Whale Rider


And the first Oscar nomination for 2003 goes to...

Whale Rider is the other big movie to come out of New Zealand this year. Unlike Return of the King, it tells a story steeped in New Zealand Maori tradition and with a lot to say about current Maori society. It's a tough film, and it's an uplifting film. It's quite funny and it's flawless. It's well worth your time and money.

The story is set in an impoverished coastal village in New Zealand. The Maoris are poor, but claim a lineage stretching back a thousand years to Paikea, a great spiritual leader who rode to land on the back of a whale, thus earning him and his successors the name, Whale Rider. The Chief of this village is a hereditary title; the first born son of each generation automatically inherits. This is something that the current Chief clings to, even as most around him, especially the children, don't particularly care.

The movie starts with the birth of what is hoped to be the Chief's grandson and future heir. Tragedy strikes, and the difficult childbirth costs the life of the Chief's daughter-in-law and newborn son. The twin daughter survives, but in the eyes of her grandfather, she's useless, because she's not a boy. The son, Porourangi, in defiance of his father's wishes, names her Pai, in honour of her lineage.

Flash forward twelve years later, and we see that the Chief has come around, somewhat. He genuinely loves his granddaughter and they laugh as he gives her rides to school on his rusty bicycle. However, the son, who has left the village in grief, returns and tells of his promising art career in Europe. He resists the attempts of his father to get him to stay in the village and marry one of the available women. Things come to a head and Porourangi drops a number of bombshells: he has a European girlfriend, and she's pregnant. She has no interest in living in New Zealand. The son is leaving the village behind.

This promotes a crisis. The grandfather, who sees the son breaking the thousand-year spiritual line to the Whale Rider, decides to call all the first-born sons of the village and teach them in the ways of their ancestors, looking for a future chief among them. Young Pai wants to participate, but she's disqualified on account of being female. Her attempts to learn escalates his attempts to stop her, and things quickly reach a breaking point.

At its root, Whale Rider is about a young girl's struggle against the odds, but there is more. This movie is also about the ways we disappoint our fathers (or, in this case, our grandfathers) and the way our grandfathers sometimes disappoint us. It's a movie about the good and bad aspects of tradition. It's a tough film to watch in places, as the Chief, despite his early scenes laughing with Pai, reacts to the unravelling of his spiritual tradition with tremendous anger and barely contained violence. The villagers live in the quiet desperation of poverty, with some of the laughs having sad edges to them, as we saw in The Full Monty, but this makes the ending all the more uplifting.

One of the best scenes in the movie comes after the Chief refuses to teach Pai in the art of Taiaha (a fighting stick), the grandmother suggests that she go to her loafing uncle, who was once a Taiaha champion. She goes to his house and finds him lounging on a mattress with his girlfriend, a bunch of friends with nothing to do, and a lot of beer bottles. There also appears to be a drug ampoule which the uncle snatches out of sight before Pai can see it. Then Pai asks her uncle to give her a demonstration of Taiaha, and he does. Although overweight and much older, he undergoes an impressive transformation, putting on a powerful display and looking very proud over what he's still capable of. The village's transformation begins, in small ways, soon thereafter.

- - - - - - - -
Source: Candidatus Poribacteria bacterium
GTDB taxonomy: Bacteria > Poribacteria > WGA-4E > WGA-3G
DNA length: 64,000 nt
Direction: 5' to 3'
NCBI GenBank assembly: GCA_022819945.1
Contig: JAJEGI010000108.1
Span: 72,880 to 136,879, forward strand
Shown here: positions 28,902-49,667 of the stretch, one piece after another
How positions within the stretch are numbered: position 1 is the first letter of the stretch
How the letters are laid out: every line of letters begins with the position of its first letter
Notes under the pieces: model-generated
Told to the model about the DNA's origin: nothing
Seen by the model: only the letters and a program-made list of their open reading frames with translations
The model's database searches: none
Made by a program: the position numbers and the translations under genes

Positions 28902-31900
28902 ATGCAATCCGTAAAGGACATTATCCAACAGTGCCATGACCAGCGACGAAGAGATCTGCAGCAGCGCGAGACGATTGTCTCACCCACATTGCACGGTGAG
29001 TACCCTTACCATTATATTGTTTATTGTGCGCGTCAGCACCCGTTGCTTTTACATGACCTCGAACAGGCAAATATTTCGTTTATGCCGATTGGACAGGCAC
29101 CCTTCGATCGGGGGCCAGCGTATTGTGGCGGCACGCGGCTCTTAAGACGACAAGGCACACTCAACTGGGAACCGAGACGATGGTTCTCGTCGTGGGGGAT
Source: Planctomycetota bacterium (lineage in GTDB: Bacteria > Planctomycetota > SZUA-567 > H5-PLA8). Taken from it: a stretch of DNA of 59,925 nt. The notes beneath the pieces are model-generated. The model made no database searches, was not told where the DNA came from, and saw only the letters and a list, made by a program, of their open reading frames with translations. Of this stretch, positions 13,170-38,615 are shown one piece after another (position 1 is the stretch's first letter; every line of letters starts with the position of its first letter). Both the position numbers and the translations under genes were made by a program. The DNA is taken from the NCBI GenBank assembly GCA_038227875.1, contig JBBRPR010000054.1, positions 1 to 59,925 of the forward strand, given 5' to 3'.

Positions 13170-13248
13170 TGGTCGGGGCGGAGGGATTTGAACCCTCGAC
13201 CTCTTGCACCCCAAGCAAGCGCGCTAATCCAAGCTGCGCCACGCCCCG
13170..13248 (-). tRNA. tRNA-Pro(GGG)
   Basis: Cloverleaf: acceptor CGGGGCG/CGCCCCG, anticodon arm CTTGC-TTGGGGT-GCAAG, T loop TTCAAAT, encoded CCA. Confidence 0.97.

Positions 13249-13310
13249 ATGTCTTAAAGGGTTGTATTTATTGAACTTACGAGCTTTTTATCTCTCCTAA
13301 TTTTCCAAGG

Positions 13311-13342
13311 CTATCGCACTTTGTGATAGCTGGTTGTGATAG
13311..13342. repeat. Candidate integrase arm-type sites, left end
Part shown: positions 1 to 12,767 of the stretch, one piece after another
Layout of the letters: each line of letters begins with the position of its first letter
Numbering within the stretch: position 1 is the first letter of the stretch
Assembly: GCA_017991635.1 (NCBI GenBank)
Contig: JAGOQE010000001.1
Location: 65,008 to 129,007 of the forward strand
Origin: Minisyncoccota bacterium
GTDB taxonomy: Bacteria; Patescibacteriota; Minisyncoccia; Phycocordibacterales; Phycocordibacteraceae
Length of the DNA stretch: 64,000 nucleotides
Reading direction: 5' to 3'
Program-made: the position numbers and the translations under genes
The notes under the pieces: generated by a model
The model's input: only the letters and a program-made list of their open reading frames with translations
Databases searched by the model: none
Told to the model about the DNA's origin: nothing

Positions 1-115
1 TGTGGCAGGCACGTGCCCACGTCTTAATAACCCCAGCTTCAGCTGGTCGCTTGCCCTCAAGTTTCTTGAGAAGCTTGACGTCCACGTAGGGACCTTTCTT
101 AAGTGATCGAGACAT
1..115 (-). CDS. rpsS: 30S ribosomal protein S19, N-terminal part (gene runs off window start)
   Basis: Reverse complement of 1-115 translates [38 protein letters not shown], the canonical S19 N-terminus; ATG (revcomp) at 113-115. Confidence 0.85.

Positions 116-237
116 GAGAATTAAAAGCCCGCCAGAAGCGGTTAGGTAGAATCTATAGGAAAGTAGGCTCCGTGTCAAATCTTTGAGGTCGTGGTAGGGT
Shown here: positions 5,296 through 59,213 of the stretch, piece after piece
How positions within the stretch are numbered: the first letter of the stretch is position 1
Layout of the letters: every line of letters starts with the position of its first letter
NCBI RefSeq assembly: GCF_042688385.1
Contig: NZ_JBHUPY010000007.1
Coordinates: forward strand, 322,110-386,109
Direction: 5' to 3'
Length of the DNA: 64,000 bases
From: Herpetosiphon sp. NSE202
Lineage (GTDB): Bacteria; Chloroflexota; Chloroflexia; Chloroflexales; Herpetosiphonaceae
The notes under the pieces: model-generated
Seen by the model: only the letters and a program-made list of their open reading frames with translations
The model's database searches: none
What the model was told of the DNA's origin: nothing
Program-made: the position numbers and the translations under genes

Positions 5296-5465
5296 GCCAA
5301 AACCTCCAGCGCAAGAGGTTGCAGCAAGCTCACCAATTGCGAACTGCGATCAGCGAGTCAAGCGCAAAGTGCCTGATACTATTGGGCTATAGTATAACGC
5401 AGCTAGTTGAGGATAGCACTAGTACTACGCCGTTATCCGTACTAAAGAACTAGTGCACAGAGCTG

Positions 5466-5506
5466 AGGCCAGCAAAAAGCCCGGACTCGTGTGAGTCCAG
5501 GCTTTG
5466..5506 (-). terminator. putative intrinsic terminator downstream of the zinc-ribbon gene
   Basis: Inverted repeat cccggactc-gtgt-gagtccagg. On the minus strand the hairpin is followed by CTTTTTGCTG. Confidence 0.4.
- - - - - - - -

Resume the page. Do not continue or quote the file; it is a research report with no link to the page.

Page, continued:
This movie is especially difficult to watch at times because while Pai is surrounded by love (she has the tacit support of her grandmother and her uncle, as well as some of the children selected to be substitute heirs to the Chief), only Pai really stands up to her Grandfather. The sense that she is alone, in the face of a mountain of a man, is going to be disturbing for some viewers. Fortunately, the movie has a moving and uplifting (if nailbiting) ending. Pai's elevation is not just a victory over her grandfather, it's a victory for her people. By standing up against the strongest symbol of her ancestry, Pai not only strikes a blow for young women everywhere, she reconnects her people with their heritage.

Whale Rider is flawless; the script is basically formulaic, but it has some surprises and handles emotions and characterization with a lot of flare. It has excellent visuals, wonderful sounds (the Maori chants are a highlight, as Pai, her grandfather and her grandmother have excellent voices), strong characterization and wonderful acting. Of special highlight is 11-year-old Keisha Castle-Hughes, who is simply enchanting (she is especially expressive with her eyes), carries the movie, and never casts a false note. The other actors, especially the grandfather and his son, aren't far behind.

I honestly believe that Whale Rider will be a candidate for a number of Oscars, including Best Picture, Best Foreign Picture and possibly Best Actress. It is certainly a good bet for Best Foreign Picture. It has that combination of the uplifting moments, the arthouse feel, and the fact that the movie comes from somewhere other than Hollywood that held The Full Monty and Life is Beautiful in good stead.

But even if this movie wasn't destined for the Oscars, you should see it. I was happy to see this film in the independent Princess Cinema, paying $9 for the privilege. I'd be just as happy paying $13.50 at Silver City. It's worth everyone's temporal and emotional investment.

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